I have come across educators who have been exceptional people, which I believe is what made them good teachers or principals, as students imbibe more from a teacher’s actions than their words. When actions don’t corroborate words, then comes disillusionment.
One of my first memories: I once found a wad of money while picking litter from the school grounds, which I dutifully handed to the supervising teacher, specifically stating that someone might have lost it. The teacher shamelessly pocketed the money right before my eyes! The incident has stayed with me for several decades as I write this. I had the morals to not keep the money, but a teacher who is supposed to be one teaching them had none.
The most consistent issue I have encountered with educators is ego. I have experienced, seen or heard of everything from a student being reprimanded, to being hit or caned, because a student bruised a teacher’s ego. The other teachers, support staff, vice principal and principal all have each other’s backs in their self-contained ecosystem, whereby they lose all respect, as students are very perceptive. Whereas outside the school, power is divested between the police, judge, jury and prison warden. A judge would not be automatically inclined to issue a warrant just because a police officer believes someone committed an offence and as such are held to a much higher standard of conduct.
Often teachers become loud, obnoxious and obstinate in the face of reason, in an attempt to assert their authority. The only thing it affirms is their frail ego, insecurity and poor character. Personal baggage is likely another form of low sense of self worth and corresponding efforts to feel good about oneself, that results in the unfair treatment of students.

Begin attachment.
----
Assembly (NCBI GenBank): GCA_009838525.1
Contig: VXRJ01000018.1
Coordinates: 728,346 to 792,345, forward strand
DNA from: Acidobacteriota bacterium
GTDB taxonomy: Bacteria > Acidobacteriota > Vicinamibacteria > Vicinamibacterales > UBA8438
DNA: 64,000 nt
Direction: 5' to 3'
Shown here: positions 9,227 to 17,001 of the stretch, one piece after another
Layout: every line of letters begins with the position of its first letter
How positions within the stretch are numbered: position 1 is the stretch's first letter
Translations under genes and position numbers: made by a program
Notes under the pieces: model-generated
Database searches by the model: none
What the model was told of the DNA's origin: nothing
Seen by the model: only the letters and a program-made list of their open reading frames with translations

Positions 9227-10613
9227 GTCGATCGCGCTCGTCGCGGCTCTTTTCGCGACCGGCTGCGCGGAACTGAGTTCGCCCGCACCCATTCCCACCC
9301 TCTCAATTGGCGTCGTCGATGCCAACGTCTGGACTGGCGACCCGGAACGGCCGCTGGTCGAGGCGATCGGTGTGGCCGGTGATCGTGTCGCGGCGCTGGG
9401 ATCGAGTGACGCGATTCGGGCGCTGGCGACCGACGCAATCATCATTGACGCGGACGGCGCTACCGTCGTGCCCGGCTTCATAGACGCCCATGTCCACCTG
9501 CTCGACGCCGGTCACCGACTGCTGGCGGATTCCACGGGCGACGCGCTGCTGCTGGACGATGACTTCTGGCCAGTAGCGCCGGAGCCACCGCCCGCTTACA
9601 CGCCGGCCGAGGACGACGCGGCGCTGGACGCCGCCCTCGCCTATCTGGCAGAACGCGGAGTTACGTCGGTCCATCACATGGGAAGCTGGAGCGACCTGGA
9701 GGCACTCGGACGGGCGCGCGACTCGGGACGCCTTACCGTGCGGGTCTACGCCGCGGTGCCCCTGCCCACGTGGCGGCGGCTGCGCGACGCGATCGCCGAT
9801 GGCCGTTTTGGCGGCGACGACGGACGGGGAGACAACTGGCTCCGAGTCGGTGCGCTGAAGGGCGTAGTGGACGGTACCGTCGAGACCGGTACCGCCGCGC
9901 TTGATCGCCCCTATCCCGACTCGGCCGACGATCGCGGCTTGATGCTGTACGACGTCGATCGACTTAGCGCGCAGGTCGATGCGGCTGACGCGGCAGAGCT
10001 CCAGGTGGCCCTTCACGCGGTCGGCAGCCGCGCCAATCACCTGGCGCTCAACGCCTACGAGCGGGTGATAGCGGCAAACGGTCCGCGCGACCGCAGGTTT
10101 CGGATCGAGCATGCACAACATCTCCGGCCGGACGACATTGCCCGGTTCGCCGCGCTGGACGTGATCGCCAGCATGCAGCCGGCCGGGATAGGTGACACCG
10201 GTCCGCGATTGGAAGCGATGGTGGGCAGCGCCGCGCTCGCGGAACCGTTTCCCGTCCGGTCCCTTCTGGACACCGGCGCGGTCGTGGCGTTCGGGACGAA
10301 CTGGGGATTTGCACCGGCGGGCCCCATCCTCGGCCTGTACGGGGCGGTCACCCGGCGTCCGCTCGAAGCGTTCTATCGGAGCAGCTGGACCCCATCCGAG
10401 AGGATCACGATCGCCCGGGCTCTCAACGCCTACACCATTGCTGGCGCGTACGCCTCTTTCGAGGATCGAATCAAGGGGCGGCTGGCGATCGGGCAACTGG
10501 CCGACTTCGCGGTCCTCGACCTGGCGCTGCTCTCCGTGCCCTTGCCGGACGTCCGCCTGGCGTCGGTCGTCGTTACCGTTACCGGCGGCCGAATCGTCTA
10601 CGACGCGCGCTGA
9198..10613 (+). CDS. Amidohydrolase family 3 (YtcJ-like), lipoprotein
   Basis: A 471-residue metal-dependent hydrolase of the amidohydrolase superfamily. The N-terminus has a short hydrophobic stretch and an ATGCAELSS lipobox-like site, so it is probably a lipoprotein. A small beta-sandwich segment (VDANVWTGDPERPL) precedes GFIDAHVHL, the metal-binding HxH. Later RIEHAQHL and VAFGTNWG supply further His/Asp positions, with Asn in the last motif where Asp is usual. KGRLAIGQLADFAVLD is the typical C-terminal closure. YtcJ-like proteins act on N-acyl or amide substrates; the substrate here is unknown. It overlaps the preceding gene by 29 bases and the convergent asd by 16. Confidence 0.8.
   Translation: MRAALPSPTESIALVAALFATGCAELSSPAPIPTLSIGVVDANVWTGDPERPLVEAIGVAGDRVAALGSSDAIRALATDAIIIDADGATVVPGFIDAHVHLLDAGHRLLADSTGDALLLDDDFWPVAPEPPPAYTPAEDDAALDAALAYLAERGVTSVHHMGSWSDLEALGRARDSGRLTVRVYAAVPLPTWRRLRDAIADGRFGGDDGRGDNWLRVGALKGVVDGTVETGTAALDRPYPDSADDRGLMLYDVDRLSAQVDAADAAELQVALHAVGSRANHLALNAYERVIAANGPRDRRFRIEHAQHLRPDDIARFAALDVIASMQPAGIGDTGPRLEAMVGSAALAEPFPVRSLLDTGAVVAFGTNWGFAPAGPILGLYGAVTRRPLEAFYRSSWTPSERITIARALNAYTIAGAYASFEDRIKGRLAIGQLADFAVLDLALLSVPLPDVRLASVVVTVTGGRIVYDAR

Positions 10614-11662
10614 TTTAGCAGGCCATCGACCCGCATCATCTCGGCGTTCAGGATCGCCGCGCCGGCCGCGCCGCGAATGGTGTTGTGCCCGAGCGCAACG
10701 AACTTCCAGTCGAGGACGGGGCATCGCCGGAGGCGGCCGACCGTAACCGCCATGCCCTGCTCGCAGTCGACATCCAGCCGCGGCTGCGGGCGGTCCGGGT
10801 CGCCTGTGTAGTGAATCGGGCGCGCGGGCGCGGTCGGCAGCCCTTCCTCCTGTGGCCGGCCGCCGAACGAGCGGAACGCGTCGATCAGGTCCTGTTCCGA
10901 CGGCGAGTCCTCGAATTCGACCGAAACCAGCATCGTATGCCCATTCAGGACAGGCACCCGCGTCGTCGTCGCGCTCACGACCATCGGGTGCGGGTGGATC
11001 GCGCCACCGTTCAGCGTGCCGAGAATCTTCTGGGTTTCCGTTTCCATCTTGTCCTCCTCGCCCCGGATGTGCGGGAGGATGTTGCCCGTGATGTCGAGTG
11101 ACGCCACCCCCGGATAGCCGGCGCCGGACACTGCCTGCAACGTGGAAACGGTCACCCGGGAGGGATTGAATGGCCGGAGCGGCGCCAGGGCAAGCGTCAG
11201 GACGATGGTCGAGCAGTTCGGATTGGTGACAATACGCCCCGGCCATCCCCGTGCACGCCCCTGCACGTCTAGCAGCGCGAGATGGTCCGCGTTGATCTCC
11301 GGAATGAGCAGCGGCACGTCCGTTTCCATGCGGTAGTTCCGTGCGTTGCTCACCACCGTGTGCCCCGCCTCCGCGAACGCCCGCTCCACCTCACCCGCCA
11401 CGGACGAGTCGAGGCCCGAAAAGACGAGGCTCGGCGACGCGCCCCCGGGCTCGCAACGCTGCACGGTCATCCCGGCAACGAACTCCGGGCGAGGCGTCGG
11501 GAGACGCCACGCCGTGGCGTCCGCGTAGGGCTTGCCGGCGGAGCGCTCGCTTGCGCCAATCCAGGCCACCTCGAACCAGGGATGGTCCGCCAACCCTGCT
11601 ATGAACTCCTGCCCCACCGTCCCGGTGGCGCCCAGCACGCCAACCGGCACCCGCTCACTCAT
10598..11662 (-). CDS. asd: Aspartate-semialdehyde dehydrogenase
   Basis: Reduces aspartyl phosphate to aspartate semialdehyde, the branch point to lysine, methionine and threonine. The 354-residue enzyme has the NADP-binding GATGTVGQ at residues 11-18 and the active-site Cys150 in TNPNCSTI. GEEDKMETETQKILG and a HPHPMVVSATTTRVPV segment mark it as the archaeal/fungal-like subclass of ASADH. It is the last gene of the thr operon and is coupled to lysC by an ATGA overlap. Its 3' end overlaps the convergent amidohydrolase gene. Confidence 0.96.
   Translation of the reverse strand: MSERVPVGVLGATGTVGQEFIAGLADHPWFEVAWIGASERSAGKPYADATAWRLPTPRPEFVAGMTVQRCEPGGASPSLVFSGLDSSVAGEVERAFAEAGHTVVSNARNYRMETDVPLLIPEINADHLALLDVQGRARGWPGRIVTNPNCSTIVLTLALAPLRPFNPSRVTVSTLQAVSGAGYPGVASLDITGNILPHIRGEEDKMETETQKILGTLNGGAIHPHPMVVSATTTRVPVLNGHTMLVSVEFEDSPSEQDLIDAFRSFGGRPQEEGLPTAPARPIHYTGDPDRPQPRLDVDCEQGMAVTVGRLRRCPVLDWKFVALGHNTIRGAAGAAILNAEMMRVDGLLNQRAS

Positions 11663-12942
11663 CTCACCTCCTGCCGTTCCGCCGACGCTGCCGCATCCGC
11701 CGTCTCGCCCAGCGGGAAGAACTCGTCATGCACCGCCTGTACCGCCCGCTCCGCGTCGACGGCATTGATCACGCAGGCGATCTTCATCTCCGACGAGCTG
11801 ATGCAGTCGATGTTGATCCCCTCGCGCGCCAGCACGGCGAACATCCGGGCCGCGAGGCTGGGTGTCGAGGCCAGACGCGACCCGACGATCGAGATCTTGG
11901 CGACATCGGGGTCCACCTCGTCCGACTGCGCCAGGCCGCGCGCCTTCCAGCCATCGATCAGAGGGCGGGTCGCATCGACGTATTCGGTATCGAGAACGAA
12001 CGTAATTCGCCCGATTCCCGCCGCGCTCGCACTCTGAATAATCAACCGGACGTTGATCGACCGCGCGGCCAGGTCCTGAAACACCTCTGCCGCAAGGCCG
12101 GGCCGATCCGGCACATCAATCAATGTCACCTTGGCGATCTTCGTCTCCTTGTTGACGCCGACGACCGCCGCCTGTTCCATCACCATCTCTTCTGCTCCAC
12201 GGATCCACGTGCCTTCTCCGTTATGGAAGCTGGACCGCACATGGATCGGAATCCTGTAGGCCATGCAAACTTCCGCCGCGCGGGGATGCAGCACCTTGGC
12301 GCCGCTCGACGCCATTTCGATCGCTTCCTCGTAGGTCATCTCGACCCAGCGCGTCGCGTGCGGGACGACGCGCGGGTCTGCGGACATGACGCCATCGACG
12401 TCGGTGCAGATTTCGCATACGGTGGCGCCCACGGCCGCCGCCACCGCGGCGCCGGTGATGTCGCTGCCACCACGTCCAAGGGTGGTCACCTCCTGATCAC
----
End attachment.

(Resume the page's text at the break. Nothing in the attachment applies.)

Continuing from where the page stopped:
A pseudo-feminist teacher reprimanded a male student for so much as defending himself from a larger, tougher and older female bully, stating that a boy can hit a boy, a girl can hit a girl, a girl can hit a boy [and they would look away], but never can a boy hit a girl no matter how extenuating the circumstances. Does that not just go to create misogynists?
Another teacher viewed an innocent drawing of a girl, reproduced from an anime character, as being, “degrading to women” and asked the student to change it; whereas when shown to another, older teacher, as a [true] feminist she had absolutely no issue with it. As a consequence of telling on the teacher, the teacher prohibited the student from ever handing in reproduced art for her class. This once again demonstrates that the student always pays for the teacher’s insecurities. A female teacher who carries her sentiments with respect to patriarchy to school and punishes students to feel superior, is what is really degrading to women.